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Wednesday, 30 November 1938


Mr LAZZARINI - The propaganda that preceded the introduction of this legislation included statements that the price of bread would be fixed, but, although the price of flour may remain at the one level, there is no guarantee that the price of bread will do the same. On previous occasions, when there have been reductions of the price of flour, the price of bread has remained at the same level or has risen. The basis of this legislation is the raising, by means of a tax on the food of the poorer sections of the community, of money for the creation of a fund from which money will be distributed to the wheat-growers.

I am not satisfied that this legislation will apply only to this season's wheat, because there is a large quantity of wheat carried over from last season in the silos. Nor am I satisfied that the money will be paid direct to the farmers. Harvesting operations are now in progress, and I believe that speculators have bought wheat from the farmers so that they, and not the producers, will derive the benefit of the home-consumption price. If they be allowed to do so it will be immoral. From the amount of the fund, £500,000 is to be set aside for the relief of the distressed farmers whose crops have been ruined. In my opinion any assistance given by this Parliament to the wheat industry should be confined to those farmers who are in distressed circumstances. Men who are comfortably situated should not receive further comfort at the expense of the poorer sections of the community, because it is on those sections that the weight of thistax will fall. Men who are comfortably situated should have no more right to come to this Parliament for assistance because they have suffered a loss which does not lessen the comfort of themselves or their families than have city businessmen who have suffered a setback. I should welcome a proposal for a tax on the commodities that they produce in order to provide assistance for the army of unemployed and rationed workers. Whenever we on this side of the House ask for money to assist the unemployed we get the rejoinder that all available moneys are required for defence. Yet the Government is able to come to Parliament with a proposal to tax the bread-eaters for the benefit of some people engaged in the wheat industry who could not be financially affected by a series of adverse seasons. The economic position of the unemployed is vastly inferior to that of the average farmer; accordingly it is unjust to tax them for the farmers' benefit. I have sympathy with the men who are struggling in primary industries, as I have first-hand knowledge of the conditions in which they exist - I was born and reared on a farm and I represent an electorate which contains a large rural area - but I know that to a large degree their distress is due, not so much to drought, as to exploitation. The inquiries of the Royal Commission on the Wheat Industry disclosed that the farmers are struggling under a huge burden of debt, which is due to a variety of causes. When I was a boy a wheat farm was self-contained. The farmer had Lis own horses and grew his own fodder, but, to-day, he is the victim of the exploitation of overseas oil and machinery interests. The farmer has to pay big prices for tractors and to expend large sums annually on fuel to run them, whereas in my youth, horses, which were fed on the products of the farm, did the work.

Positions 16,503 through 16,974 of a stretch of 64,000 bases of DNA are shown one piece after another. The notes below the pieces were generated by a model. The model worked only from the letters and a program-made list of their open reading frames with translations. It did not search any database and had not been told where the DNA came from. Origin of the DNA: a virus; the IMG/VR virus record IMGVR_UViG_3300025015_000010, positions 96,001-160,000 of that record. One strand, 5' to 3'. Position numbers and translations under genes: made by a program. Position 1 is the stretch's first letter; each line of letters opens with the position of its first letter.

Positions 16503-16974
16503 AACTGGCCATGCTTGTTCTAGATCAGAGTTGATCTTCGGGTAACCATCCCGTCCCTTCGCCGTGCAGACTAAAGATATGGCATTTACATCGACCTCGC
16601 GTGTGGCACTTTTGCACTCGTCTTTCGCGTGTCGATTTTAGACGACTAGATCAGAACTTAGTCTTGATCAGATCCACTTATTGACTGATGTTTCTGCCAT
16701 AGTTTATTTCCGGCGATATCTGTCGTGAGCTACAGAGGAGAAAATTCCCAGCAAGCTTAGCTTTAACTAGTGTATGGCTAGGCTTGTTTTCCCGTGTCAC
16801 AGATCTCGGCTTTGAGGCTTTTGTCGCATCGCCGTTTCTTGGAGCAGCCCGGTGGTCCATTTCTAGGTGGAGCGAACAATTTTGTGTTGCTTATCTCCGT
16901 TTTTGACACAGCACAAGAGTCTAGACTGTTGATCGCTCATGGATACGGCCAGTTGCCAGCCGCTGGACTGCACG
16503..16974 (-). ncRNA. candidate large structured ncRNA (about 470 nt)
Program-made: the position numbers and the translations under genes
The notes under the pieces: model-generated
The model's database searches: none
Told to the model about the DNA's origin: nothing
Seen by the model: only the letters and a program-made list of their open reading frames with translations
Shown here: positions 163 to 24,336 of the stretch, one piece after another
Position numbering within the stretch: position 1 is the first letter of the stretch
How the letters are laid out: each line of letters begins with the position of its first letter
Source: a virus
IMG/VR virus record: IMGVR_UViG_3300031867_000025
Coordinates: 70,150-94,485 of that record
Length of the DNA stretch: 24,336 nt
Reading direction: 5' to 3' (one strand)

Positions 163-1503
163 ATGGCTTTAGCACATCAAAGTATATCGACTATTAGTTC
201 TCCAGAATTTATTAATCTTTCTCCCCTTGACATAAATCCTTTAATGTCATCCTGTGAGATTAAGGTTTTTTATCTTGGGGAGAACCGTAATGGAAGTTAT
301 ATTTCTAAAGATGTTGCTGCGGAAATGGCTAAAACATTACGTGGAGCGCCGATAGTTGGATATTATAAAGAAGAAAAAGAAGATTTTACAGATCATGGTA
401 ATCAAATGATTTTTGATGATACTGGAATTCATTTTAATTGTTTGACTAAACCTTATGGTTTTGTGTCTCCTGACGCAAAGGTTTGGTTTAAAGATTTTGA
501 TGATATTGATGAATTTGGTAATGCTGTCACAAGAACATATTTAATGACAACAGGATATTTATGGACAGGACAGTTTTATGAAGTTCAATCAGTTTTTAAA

Ever since I have been a member of this Parliament there have been plans for assisting the wheat industry, but never a plan for its efficient organization. This stop-gap way of dealing with the wheat industry must end. I suspect that it is more a vote-catching effort than a plan for the welfare of the industry. One of the first requirements of the efficient organization of the wheat industry is proper control. I point out that other countries are burning and dumping wheat, whereas this country is assisting the wheat-grower to grow more wheat. Year by year the farmers sink deeper into the mire of debt, the basic trouble which besets them which, I hope the national Parliament will take an early opportunity to remove.

I support the amendment moved by the Leader of the Opposition, which would ensure that the money necessary for the assistance to be given to the industry will be raised in a more proper way than is proposed in this bill; that is to say, from general revenue. An income tax falls on the shoulders of those who are best able to bear the burden, but a flour tax violates every canon of taxation, in that it falls heaviest on the poor. This measure is only a palliative, and I hope that in the future steps will be taken to administer a cure.







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